The anger at Europe's inaction is palpable in the historic Sur district of Diyarbakir in south-eastern Turkey where fighters of the youth wing of the Kurdistan Workers Party (PKK) have barricaded the streets.
"Why doesn't the German government do something?" Guler Seviktek asks. Her 25-year-old brother Mesut was shot by government forces while fighting for the youth wing, known as the YDG-H, shortly before Christmas.
Seviktek holds President Recep Tayyip Erdogan responsible for conditions of civil war in what she terms Kurdistan, as she holds up a photograph of her brother showing an earnest young man with glasses.
"Germany, England, France, they're all responsible just like Erdogan, because they support him and do nothing to halt the escalation of violence," says Sahide Oran, mother of 21-year-old Isa, who was killed at the same time.
The two women are on hunger strike to secure the release of the young men's bodies for burial.
By no means are all the Kurds holding Erdogan solely responsible. "Those digging up old graves are to blame," says a young father. "But of course the state's reaction should not be so extreme."
He has just returned his sick baby to his wife on the other side of the police lines after taking the child to a doctor.
She, the 3-month-old baby and her daughter remained in their home in the area under curfew for the past 50 days in Sur after he left a week ago.
"If my wife leaves, the police will not allow her back in, and we have nowhere to go," says the man who declines to give his name and pleads for photographs taken of him to be deleted.
Most of Diyarbakir's large Kurdish population are wary of giving their names to the press.
Ozan, a 13-year-old at the police line, is more than willing to talk. "My mother is inside, but the police won't let me in," the boy says. "I haven't seen my mother for 40 days," he says.
Ozan, who is small for his age, got stuck on the wrong side of the barrier one day while returning home from school. He now lives with his uncle.
"I phone her, and it rings, but no one answers," he says. The YDG-H could well recruit Ozan in years to come, as his hatred of the Turkish state is already evident.
"Filthy police," he hisses in an undertone so that the security forces cannot hear him. "They don't like Kurds. They see us as the enemy."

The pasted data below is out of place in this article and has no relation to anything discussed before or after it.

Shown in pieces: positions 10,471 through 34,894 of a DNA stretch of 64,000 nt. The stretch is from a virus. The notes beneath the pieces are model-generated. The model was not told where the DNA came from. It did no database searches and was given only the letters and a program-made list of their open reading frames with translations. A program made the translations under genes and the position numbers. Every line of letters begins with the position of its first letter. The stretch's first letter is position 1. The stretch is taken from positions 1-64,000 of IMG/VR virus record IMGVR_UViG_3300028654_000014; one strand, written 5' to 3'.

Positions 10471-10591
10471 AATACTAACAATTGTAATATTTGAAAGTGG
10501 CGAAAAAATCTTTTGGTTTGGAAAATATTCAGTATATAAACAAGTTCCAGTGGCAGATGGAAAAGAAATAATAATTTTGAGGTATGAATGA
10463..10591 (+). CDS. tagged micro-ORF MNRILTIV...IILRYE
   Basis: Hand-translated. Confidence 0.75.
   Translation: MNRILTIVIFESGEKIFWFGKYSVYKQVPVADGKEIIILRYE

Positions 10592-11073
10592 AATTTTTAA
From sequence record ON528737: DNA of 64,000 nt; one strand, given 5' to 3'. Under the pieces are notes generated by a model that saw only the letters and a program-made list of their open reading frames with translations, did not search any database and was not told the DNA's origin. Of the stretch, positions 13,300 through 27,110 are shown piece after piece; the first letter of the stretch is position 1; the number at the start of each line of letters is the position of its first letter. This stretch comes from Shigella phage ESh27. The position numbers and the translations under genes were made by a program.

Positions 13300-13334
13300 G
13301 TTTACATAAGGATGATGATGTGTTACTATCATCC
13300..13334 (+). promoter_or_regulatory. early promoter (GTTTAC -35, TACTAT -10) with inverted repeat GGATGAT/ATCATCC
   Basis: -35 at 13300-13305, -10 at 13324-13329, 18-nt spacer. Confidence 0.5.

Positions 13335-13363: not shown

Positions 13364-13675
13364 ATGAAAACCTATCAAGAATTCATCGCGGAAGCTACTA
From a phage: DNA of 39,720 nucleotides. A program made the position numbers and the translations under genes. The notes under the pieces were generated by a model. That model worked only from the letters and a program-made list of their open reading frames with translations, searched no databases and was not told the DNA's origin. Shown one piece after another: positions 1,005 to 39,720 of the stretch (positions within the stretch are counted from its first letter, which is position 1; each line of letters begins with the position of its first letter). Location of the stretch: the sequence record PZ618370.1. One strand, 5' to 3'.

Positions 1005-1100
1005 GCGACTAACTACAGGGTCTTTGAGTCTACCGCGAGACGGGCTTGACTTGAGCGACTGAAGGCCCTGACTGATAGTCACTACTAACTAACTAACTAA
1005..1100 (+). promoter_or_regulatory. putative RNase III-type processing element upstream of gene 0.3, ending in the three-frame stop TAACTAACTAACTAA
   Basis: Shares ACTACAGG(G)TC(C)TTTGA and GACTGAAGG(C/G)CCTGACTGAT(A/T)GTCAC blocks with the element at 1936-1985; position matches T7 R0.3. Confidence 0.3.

Police move journalists on. "Go and spy somewhere else," one officer calls out in anger. The security forces decline to speak to foreign journalists.
Since January 3, Kendal Ozgun has been in a wheelchair. His brother Bilal has brought him to see a human rights organization in the city to help find him a lawyer.
Ozgun tells how he went to the aid of a woman outside the cordoned off zone in Sur who was being harassed by police. One of the officers put a hand on his head, drew his pistol and shot him twice, once in the right knee and again in the left calf.
The 25-year-old pulls up his tracksuit to show the wounds, his brother helping him to rise.
Women in the district took him to a hospital, but they are now refusing to make a statement to the police for fear of reprisal.
The hospital told him on discharge that he could only have a medical certificate on the authority of the state prosecutor's office - that certificate is necessary for him to lay a charge.
The doctors believe that he will never walk again. Ozgun has had to sell his kebab restaurant. "I have nothing left," he says.
His brother is open about his anger. "Anyone expressing opposition to Erdogan lands in jail," he says, accusing the president of sitting in his palace and "having people executed."
"We're being attacked because we are Kurds," Bilal Ozgun says.